Mayor in favour of free speech
MCKENNA WON’T GAG COUNCILLORS
THE City of Bayswater Mayor has reaffirmed councillors’ “freedom of speech”, less than a week after Stirling councillors and staff were reprimanded for talking to the press.
In a memo leaked to Community Newspaper Group, Stirling chief executive Stuart Jardine last week reinforced rules that councillors and staff could not express their views to the media.
The memo was sent following details revealed by Community Newspaper Group of a Worksafe report into “bullying behaviours” carried out by Stirling Cr Elizabeth Re.
“Following recent media coverage regarding a number of matters at the City of Stirling, I would like to remind you of your responsibilities when dealing with the media,” he wrote.
“Only the mayor and (with the mayor’s agreement) the chief executive officer can speak on behalf of the City of the council.”
He said if a councillor or employee was expressing his or her personal view, they had “a legal duty of fidelity to act in the best interest of the council and the City”.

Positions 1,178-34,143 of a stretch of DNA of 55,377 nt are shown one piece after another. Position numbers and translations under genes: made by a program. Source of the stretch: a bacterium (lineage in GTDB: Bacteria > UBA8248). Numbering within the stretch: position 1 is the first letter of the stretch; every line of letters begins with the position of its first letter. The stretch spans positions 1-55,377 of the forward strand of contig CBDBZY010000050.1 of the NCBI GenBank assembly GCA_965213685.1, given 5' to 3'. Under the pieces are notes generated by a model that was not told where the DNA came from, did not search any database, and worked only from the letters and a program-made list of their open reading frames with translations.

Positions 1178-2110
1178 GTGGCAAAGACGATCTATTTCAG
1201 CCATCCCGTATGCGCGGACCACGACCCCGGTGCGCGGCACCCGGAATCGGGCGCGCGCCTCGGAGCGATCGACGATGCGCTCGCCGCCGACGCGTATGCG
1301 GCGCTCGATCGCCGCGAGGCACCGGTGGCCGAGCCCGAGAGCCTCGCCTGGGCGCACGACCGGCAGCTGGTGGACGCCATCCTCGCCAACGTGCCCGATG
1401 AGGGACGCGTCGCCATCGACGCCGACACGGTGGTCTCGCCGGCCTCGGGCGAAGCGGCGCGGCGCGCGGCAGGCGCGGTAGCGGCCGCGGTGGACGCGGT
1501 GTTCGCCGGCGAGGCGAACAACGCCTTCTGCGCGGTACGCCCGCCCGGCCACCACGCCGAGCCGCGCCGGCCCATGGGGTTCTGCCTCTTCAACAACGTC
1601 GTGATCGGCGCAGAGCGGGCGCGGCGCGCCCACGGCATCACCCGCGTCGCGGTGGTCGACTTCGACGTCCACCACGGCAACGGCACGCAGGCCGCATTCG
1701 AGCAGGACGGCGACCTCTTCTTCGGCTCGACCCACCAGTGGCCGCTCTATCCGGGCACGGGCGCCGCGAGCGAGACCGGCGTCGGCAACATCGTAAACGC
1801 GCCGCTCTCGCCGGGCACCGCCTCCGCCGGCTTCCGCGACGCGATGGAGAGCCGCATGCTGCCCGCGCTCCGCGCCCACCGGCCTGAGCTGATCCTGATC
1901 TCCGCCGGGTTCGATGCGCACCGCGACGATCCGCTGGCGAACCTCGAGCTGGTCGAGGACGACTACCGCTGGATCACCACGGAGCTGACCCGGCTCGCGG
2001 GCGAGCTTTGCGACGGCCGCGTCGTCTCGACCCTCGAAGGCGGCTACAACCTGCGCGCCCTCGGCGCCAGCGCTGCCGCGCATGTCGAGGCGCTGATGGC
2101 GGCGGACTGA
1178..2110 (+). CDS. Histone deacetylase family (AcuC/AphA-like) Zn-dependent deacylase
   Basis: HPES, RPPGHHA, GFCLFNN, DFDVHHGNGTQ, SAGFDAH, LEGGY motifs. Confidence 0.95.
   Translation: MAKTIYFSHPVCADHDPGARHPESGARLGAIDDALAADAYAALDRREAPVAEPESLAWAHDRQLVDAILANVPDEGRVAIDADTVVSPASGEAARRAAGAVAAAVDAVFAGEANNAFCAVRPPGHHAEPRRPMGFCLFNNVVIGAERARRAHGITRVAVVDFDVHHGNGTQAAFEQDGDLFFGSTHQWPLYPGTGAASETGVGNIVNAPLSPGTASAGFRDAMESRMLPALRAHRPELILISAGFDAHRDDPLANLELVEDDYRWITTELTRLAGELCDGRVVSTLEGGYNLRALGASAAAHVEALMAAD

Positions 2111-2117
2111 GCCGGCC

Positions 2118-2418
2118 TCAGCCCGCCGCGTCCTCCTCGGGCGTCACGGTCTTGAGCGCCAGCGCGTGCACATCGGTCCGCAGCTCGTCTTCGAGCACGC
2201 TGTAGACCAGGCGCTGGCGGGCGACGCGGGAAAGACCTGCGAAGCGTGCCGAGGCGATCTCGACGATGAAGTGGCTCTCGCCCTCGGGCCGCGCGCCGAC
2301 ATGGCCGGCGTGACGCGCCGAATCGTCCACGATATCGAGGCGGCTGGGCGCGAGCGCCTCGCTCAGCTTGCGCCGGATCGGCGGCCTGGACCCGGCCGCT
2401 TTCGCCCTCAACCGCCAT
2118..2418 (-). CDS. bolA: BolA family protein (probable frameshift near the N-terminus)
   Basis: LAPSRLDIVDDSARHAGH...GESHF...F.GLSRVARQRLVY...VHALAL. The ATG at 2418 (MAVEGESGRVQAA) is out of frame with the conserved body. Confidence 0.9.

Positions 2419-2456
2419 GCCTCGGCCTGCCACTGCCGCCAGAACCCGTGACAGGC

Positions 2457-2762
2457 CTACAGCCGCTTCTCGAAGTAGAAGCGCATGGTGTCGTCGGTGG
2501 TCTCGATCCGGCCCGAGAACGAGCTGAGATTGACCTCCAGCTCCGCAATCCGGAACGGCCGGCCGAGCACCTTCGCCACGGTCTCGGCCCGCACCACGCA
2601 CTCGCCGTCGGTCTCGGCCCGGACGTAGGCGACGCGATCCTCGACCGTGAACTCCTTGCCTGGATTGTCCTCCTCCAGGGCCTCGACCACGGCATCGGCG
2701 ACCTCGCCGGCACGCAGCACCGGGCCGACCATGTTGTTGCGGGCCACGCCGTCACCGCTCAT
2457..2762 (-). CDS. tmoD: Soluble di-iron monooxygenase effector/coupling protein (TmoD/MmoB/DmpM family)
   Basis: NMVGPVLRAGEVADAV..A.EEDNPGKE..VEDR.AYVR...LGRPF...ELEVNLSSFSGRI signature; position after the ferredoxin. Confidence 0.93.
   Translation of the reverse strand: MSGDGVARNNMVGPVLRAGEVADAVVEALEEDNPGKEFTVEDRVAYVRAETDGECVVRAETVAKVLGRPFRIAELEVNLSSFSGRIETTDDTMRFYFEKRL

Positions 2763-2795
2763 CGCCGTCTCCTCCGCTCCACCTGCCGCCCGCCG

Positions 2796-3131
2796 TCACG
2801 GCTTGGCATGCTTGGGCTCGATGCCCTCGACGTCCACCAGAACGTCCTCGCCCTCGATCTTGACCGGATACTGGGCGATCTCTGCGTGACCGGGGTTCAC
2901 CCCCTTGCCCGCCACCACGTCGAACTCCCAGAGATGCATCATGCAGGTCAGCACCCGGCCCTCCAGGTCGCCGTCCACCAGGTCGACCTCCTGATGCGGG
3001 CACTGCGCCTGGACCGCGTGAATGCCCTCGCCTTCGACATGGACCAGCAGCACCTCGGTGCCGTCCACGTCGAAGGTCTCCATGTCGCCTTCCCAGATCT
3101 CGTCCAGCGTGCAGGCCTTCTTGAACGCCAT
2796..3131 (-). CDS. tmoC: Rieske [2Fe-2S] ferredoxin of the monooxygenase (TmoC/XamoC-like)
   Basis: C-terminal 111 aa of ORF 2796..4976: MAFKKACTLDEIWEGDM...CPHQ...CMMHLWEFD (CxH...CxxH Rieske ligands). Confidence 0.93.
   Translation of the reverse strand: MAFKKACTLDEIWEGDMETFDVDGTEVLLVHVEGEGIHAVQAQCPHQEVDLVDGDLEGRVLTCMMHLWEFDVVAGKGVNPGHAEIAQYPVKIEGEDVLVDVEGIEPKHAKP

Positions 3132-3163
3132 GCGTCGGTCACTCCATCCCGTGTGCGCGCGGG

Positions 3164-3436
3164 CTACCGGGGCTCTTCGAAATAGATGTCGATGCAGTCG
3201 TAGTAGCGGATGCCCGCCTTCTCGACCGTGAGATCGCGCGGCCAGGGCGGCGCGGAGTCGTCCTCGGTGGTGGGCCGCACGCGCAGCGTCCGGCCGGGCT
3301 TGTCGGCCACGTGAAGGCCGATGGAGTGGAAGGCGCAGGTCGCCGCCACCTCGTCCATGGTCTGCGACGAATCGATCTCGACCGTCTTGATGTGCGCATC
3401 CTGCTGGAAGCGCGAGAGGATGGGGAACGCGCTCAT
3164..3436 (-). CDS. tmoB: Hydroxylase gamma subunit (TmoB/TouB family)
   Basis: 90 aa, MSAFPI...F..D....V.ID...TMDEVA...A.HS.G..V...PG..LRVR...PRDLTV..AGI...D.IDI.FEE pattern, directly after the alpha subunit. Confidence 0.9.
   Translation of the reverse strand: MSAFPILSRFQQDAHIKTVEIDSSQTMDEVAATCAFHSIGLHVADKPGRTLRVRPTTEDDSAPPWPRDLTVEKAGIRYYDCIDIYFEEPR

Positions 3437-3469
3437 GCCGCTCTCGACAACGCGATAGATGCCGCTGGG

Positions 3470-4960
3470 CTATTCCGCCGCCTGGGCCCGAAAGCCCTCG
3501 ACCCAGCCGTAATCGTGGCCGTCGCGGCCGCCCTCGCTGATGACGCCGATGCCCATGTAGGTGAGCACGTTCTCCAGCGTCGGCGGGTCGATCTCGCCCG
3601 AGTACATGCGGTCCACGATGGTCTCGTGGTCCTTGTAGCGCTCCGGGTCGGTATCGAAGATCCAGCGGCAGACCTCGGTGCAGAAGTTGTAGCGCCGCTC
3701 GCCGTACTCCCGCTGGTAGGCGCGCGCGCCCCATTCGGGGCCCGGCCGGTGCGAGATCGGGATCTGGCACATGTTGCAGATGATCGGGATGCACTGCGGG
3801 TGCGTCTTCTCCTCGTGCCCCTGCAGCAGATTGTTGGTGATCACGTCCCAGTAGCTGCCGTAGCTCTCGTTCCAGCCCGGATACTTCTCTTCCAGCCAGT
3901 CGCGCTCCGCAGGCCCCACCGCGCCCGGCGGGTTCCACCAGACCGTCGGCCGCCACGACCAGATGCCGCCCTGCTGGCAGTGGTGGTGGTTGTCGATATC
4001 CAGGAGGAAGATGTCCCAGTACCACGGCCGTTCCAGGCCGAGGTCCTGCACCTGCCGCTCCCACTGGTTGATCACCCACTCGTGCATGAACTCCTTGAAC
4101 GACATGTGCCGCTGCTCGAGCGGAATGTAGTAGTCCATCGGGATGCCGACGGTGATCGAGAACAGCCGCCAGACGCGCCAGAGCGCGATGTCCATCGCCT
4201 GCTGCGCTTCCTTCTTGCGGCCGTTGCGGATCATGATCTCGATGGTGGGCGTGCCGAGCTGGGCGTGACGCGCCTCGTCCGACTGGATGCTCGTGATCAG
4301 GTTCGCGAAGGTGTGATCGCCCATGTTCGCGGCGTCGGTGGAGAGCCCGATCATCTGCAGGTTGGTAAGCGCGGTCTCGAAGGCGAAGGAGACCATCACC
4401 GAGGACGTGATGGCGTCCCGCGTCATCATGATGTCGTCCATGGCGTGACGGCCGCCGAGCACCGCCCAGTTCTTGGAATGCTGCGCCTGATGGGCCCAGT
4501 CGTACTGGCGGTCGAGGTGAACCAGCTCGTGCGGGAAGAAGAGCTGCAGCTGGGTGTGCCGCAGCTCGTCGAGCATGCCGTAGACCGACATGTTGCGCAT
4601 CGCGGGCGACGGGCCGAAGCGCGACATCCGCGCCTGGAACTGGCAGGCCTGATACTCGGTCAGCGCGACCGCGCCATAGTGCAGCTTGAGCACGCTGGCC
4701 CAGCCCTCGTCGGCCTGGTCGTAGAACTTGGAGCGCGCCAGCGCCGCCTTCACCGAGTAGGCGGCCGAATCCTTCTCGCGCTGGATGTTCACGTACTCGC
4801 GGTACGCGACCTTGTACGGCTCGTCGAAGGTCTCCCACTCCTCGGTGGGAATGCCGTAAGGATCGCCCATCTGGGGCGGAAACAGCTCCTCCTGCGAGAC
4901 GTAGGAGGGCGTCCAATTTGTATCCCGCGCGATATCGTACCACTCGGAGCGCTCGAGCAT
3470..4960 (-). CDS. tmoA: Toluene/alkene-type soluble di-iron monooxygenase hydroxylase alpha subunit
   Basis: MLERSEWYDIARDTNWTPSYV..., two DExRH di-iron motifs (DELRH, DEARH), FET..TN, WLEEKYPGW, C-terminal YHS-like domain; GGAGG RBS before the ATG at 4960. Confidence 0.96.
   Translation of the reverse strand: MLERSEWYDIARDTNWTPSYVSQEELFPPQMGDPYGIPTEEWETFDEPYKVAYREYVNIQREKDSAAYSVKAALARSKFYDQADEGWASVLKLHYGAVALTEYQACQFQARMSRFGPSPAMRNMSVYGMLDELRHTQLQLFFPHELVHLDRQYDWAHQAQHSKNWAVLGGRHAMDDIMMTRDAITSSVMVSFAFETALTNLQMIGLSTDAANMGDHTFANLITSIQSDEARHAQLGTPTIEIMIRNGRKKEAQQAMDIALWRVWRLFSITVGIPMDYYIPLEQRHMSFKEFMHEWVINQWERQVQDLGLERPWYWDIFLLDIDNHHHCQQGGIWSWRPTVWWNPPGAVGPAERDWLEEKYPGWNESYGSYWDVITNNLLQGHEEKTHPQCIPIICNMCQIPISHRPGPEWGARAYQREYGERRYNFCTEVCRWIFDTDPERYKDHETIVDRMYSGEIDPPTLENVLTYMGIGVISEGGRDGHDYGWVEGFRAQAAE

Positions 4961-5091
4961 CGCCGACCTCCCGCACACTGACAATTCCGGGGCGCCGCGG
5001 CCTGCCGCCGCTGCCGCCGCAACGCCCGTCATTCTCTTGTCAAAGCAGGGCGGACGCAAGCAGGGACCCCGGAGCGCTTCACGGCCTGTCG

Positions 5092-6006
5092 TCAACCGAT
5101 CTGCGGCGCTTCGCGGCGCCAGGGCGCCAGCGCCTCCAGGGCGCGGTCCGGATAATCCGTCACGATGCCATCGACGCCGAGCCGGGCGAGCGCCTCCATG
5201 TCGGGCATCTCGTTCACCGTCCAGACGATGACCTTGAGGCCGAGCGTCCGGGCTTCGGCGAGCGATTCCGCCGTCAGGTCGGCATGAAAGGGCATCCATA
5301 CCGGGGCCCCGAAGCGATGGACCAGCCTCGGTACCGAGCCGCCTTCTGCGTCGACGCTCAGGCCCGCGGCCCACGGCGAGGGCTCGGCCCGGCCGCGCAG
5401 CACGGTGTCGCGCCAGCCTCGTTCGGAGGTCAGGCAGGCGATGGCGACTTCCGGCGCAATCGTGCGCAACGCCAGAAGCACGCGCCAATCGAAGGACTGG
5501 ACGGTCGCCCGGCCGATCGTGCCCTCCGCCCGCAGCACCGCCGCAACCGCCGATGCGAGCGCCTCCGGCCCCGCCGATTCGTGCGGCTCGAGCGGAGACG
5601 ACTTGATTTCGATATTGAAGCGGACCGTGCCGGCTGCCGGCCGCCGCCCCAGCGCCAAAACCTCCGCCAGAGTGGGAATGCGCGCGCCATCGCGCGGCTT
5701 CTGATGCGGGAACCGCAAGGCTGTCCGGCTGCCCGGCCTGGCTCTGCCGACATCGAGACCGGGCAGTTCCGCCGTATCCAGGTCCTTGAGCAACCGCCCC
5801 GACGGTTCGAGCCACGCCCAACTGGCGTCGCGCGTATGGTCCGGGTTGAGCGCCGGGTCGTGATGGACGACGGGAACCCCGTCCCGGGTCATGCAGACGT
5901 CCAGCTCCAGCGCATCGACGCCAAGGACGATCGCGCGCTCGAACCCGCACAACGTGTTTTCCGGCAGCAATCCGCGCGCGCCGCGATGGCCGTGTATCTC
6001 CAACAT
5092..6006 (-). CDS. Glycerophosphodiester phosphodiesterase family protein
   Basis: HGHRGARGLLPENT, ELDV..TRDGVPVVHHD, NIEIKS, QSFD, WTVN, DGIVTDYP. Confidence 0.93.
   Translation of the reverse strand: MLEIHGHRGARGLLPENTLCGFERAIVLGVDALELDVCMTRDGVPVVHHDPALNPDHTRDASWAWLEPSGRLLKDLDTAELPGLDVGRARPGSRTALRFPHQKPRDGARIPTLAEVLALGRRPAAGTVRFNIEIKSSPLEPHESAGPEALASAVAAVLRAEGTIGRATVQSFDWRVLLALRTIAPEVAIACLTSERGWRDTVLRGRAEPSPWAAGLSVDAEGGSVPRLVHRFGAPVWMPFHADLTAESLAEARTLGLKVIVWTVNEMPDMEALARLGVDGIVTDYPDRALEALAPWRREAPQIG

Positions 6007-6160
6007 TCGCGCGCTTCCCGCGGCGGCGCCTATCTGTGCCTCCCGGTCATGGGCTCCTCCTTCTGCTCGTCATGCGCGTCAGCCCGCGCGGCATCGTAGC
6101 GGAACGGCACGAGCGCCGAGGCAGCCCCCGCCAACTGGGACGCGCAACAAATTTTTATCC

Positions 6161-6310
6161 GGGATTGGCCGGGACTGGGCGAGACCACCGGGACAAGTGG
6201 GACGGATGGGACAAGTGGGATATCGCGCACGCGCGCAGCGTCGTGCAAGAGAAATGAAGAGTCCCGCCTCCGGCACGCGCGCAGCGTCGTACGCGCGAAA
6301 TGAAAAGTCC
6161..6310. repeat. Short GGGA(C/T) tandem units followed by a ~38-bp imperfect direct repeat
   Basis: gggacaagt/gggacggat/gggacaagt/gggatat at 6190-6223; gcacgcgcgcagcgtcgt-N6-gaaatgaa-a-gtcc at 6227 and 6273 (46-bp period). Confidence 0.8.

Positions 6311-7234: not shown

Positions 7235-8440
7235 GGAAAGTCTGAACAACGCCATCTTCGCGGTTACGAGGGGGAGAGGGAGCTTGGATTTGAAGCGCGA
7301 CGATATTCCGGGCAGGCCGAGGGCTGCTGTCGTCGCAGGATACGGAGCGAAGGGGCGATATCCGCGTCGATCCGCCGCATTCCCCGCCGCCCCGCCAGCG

“Any comments to the media that go against this direction may constitute a breach of regulation 7 of the Local Government Rules of Conduct Regulations 2007, a breach of the Local Government Act 1995 or constitute misconduct under the Corruption and Crime Commission Act,” he wrote.
At a Bayswater meeting this week, a member of the public queried the council’s media policy.
The man said Cr Dan Bull appeared prominently in the press and appeared to represent the council.
However, Mayor Barry McKenna said councillors formed an independent board and the City allowed them freedom of speech.
“I’m not going to stop any councillor from talking to the press,” he said.
“Councillors need to know they are not in breach of the Local Government Act by speaking to the media.”
He also said councillors could not speak against a council resolution.